The math: [To be written...]

_{n}`C`_{k} | = | _{25}`C`_{5} |

| = | _{25}`P`_{5} / 5! |

| = | 6375600 / 120 |

| = | 53130 |

## Fire Marble Puzzle

The Fire Marble Puzzle — found atop the Great Dome on Temple Island — is the central and most complex puzzle in Riven. To solve it, you must gather clues that are scattered all over the Rivenese world.

The question: Place up to six differently colored marbles onto a 25x25 grid of holes. Each hole can contain only one marble, and some of the marbles might not be needed. How many possible solutions are there?

The math: [To be written...]

`f`(`n`) | = | _{625}`C`_{n} × _{6}`P`_{n} |

| = | _{625}`P`_{n} × _{6}`P`_{n} / `n`! |

Here are the calculations for `f`(`n`) when `n` = 0, `n` = 1, and `n` = 2:

`f`(0) | = | _{625}`P`_{0} × _{6}`P`_{0} / 0! |

| = | (625! / 625!) × (6! / 6!) / 0! |

| = | 1 × 1 / 1 |

| = | 1 |

`f`(1) | = | _{625}`P`_{1} × _{6}`P`_{1} / 1! |

| = | (625! / 624!) × (6! / 5!) / 1! |

| = | 625 × 6 / 1 |

| = | 3750 |

`f`(2) | = | _{625}`P`_{2} × _{6}`P`_{2} / 2! |

| = | (625! / 623!) × (6! / 4!) / 2! |

| = | (625 × 624) × (6 × 5) / 2 |

| = | 5850000 |

`n` | `f`(`n`) |

0 | 1 |

1 | 3 750 |

2 | 5 850 000 |

3 | 4 859 400 000 |

4 | 2 266 910 100 000 |

5 | 563 100 468 840 000 |

6 | 58 187 048 446 800 000 |

Total | 58 752 420 690 993 751 |

## Telescope (Reprise)

Bonus question: The telescope puzzle has 3125 possible five-button sequences. How many button pushes are needed to try them all?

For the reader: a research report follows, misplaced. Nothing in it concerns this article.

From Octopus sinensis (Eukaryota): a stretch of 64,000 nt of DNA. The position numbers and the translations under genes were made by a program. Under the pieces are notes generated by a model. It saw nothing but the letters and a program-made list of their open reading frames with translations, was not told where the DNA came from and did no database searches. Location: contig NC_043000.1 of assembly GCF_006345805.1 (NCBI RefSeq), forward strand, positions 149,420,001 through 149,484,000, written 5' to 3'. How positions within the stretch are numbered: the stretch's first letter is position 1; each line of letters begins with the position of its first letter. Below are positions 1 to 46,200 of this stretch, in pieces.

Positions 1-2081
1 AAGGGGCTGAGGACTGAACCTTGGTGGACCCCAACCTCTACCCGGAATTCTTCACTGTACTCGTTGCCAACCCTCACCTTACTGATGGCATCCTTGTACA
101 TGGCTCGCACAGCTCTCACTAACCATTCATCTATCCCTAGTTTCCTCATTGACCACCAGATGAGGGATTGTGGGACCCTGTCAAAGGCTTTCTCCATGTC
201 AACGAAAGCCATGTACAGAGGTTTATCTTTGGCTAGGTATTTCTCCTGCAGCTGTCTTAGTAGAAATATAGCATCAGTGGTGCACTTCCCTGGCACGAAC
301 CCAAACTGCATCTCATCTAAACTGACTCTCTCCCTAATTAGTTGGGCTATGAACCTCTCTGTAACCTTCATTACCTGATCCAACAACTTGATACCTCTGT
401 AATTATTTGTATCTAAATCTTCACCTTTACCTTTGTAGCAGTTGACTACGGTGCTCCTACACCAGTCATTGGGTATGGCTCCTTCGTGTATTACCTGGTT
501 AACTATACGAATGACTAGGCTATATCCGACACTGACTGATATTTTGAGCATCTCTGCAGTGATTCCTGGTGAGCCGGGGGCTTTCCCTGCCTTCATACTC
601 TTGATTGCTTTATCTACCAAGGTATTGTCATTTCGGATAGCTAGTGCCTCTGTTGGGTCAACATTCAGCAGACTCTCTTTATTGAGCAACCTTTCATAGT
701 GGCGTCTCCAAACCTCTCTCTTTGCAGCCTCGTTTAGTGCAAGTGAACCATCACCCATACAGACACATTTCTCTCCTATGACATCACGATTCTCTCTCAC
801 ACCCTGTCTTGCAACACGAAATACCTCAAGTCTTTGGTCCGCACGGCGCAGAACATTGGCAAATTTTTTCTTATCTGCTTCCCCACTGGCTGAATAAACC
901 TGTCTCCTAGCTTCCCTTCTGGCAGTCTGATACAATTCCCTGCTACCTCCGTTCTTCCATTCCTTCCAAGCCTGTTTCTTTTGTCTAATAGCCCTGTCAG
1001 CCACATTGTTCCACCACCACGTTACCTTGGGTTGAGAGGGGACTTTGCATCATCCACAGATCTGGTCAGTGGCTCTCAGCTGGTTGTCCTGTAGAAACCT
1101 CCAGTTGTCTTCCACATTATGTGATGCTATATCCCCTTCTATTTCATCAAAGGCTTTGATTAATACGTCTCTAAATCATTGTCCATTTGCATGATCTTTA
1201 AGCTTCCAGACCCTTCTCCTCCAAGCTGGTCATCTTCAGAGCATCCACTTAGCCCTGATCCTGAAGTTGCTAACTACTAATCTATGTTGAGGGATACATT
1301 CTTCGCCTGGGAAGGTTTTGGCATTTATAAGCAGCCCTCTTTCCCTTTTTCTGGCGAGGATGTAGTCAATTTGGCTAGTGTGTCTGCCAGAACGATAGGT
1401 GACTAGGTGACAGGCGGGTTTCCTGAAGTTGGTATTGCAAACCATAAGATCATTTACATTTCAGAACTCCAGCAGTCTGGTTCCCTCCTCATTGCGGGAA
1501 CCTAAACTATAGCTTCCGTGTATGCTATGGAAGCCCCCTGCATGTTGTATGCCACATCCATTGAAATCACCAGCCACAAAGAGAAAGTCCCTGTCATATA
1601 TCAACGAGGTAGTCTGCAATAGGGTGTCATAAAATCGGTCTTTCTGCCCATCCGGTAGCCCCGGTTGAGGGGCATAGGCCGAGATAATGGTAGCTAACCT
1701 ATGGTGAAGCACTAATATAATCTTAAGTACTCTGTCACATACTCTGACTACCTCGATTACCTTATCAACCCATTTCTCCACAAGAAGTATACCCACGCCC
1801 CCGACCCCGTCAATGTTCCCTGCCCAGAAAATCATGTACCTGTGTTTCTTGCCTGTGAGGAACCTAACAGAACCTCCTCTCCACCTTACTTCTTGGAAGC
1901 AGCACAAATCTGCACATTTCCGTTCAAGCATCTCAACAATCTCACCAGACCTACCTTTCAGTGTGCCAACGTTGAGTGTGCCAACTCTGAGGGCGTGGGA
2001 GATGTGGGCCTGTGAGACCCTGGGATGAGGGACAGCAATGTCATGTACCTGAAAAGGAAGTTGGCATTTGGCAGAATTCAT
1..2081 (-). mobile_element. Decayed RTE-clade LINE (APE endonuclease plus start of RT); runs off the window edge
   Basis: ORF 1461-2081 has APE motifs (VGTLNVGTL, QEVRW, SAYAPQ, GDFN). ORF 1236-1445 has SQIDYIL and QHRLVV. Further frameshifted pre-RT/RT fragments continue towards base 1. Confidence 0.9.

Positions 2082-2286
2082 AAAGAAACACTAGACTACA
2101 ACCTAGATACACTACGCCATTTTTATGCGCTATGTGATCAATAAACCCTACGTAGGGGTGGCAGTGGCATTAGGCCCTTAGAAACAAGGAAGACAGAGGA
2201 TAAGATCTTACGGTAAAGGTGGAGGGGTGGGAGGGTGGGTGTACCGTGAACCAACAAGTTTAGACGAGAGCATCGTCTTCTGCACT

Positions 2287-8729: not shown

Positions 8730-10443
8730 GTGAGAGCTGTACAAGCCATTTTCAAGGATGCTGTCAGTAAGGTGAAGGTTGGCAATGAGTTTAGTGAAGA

Solution: Number the buttons 1–5, and imagine that you push the buttons and try the hatch in the following order:

(That’s five 1’s, five 2’s, and six dashes. Each dash means “try to open the hatch”.)

The lock mechanism remembers the last five buttons pushed, so with just 10 button pushes, you’ve already tried 6 five-button sequences: 11111, 11112, 11122, 11222, 12222, and 22222. It’s not hard to see that, if you continue to alternate between pushing a button and trying the hatch, you can try `n` five-button sequences with `n` + 4 button pushes. It’s also easy to see that you need at least `n` + 4 button pushes to try `n` different sequences.

So, in order to try the 3125 possible five-button sequences, you need *at least* 3125 + 4 = 3129 button pushes — maybe more. Is there a sequence of 3129 button pushes that lets you try all five-button sequences?

It isn’t obvious, but there are actually quite a few. (Mathematicians even have a name for them: ‘de Bruijn sequences’.) Thus, only 3129 button pushes are needed to try all 3125 five-button sequences.

© 2002–2005 Rising Productions. This article was inspired by a thread on the former RivenGuild board. Last updated: August 28, 2005.